Black Trauma, Black Joy: Telling Hard Stories to Young Readers

Room 337, Summit Building, Seattle Convention Center, Level 3
Friday, March 10, 2023
9:00 am to 10:15 am


The children’s and YA book market is expanding to include more books about the forgotten or repressed stories of America’s racist past. This challenges the author to struggle with how to present traumatic historical events to young readers. As it turns out, history is like sex: Only offer information in age-appropriate, bite-sized pieces. Panelists will discuss their process of deciding how to talk to children and young adults about the legacy of racism in America.

Outline & Supplemental Documents

Event Outline: Outline_for_F113_Black_Trauma,_Black_Joy_Telling_Hard_Stories_to_Young_Readers.pdf



Nichelle Robinson currently serves as director of Teacher Education & Clinical Experiences at The University of Memphis. Her research interests are implementing culturally responsive practices into teacher education programs and diversifying the teacher pipeline.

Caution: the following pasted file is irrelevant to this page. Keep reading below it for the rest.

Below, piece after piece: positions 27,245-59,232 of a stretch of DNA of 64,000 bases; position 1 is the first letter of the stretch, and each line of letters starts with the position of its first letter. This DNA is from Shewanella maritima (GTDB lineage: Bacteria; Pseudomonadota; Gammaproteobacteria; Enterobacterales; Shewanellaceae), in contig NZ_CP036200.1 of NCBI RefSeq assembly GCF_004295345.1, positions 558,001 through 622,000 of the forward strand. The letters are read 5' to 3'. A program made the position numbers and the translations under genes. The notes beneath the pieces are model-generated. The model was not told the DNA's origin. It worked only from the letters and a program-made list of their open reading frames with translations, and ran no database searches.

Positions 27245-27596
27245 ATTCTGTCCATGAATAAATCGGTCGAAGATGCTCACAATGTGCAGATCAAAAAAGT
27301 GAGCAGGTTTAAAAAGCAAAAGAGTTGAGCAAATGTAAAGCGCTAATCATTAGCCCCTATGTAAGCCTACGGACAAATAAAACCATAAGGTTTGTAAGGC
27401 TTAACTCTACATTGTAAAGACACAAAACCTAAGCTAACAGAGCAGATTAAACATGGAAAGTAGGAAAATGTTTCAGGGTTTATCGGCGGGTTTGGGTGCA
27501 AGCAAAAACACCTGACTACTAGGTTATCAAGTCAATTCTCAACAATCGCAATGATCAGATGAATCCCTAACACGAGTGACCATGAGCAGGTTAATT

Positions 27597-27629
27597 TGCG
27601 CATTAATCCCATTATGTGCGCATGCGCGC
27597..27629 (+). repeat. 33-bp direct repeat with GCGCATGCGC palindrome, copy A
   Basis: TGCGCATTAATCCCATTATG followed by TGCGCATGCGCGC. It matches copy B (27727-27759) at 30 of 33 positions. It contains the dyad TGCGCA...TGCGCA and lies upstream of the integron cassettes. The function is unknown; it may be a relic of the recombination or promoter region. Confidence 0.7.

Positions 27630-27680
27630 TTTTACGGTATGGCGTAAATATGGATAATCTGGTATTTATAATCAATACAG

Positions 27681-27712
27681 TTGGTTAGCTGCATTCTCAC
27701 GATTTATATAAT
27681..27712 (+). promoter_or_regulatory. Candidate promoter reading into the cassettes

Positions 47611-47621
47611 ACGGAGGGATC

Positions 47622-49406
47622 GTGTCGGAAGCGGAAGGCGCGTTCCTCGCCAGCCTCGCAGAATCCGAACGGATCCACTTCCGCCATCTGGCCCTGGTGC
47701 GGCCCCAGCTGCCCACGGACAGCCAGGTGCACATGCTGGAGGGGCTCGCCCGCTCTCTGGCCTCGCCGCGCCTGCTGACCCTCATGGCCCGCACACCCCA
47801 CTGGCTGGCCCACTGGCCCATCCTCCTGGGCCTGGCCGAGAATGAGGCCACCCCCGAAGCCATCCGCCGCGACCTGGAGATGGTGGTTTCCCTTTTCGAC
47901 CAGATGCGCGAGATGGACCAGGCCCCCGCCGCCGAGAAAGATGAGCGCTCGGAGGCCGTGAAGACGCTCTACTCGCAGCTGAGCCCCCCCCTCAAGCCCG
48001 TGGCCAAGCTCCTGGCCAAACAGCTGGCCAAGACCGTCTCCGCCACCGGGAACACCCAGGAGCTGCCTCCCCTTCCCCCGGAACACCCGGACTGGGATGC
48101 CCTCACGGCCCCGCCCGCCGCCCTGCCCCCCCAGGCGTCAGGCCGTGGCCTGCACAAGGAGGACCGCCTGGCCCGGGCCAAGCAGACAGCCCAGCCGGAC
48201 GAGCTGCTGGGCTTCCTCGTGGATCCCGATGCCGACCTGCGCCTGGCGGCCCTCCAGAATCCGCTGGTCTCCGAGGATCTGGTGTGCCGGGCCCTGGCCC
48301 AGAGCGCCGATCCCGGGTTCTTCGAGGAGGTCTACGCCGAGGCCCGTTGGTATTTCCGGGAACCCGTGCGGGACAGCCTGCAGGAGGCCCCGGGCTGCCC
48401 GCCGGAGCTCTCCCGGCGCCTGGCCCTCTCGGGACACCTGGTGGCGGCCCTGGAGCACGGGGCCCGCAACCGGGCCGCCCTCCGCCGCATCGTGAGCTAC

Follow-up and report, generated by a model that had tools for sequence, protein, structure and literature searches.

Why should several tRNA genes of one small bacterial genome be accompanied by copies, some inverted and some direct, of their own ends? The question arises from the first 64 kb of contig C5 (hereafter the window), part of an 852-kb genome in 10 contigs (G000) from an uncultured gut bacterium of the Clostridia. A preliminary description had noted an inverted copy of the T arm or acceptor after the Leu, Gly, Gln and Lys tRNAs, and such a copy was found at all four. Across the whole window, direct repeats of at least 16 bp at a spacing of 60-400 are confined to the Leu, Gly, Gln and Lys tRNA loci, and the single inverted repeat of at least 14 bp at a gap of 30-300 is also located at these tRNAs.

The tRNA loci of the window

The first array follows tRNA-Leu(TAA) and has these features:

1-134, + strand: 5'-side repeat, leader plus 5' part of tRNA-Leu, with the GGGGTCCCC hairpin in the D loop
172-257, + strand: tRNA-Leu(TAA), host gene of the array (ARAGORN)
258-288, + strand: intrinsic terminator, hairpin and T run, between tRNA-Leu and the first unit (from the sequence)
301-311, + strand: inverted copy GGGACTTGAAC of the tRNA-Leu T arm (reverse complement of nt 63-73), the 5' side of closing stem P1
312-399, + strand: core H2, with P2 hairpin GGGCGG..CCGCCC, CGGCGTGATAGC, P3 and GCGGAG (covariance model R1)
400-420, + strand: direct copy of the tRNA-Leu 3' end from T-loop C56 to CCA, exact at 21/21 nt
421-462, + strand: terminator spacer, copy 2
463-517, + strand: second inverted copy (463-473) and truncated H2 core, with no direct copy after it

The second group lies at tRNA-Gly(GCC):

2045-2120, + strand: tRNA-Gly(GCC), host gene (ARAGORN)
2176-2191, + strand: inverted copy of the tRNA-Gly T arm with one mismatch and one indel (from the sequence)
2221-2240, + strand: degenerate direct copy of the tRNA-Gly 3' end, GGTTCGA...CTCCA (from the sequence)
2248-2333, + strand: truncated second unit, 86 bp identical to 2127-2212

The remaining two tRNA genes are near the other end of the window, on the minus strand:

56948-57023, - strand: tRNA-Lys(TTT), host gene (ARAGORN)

Desiree Cooper is a 2015 Kresge Artist Fellow, lawyer, and Pulitzer-nominated columnist. She is the author of an award-winning, flash fiction collection, Know the Mother. Her first children's book, Nothing Special, was released in 2022. Her writing on women's issues is widely anthologized.

Jean Alicia Elster is a 2017 Kresge Artist Fellow in Literary Arts and a former attorney. She is the multiple award-winning author of several books for youth and young adults including How It Happens, Who’s Jim Hines?, The Colored Car, and the Joe Joe in the City series.

Denise Lewis Patrick is the author of over thirty books for young people, including fiction, historical fiction, and biography for middle grades. She’s also taught first-year writing, fiction, and feature writing as an adjunct at several universities.


March 8–11, 2023
Seattle, Washington

Seattle Convention Center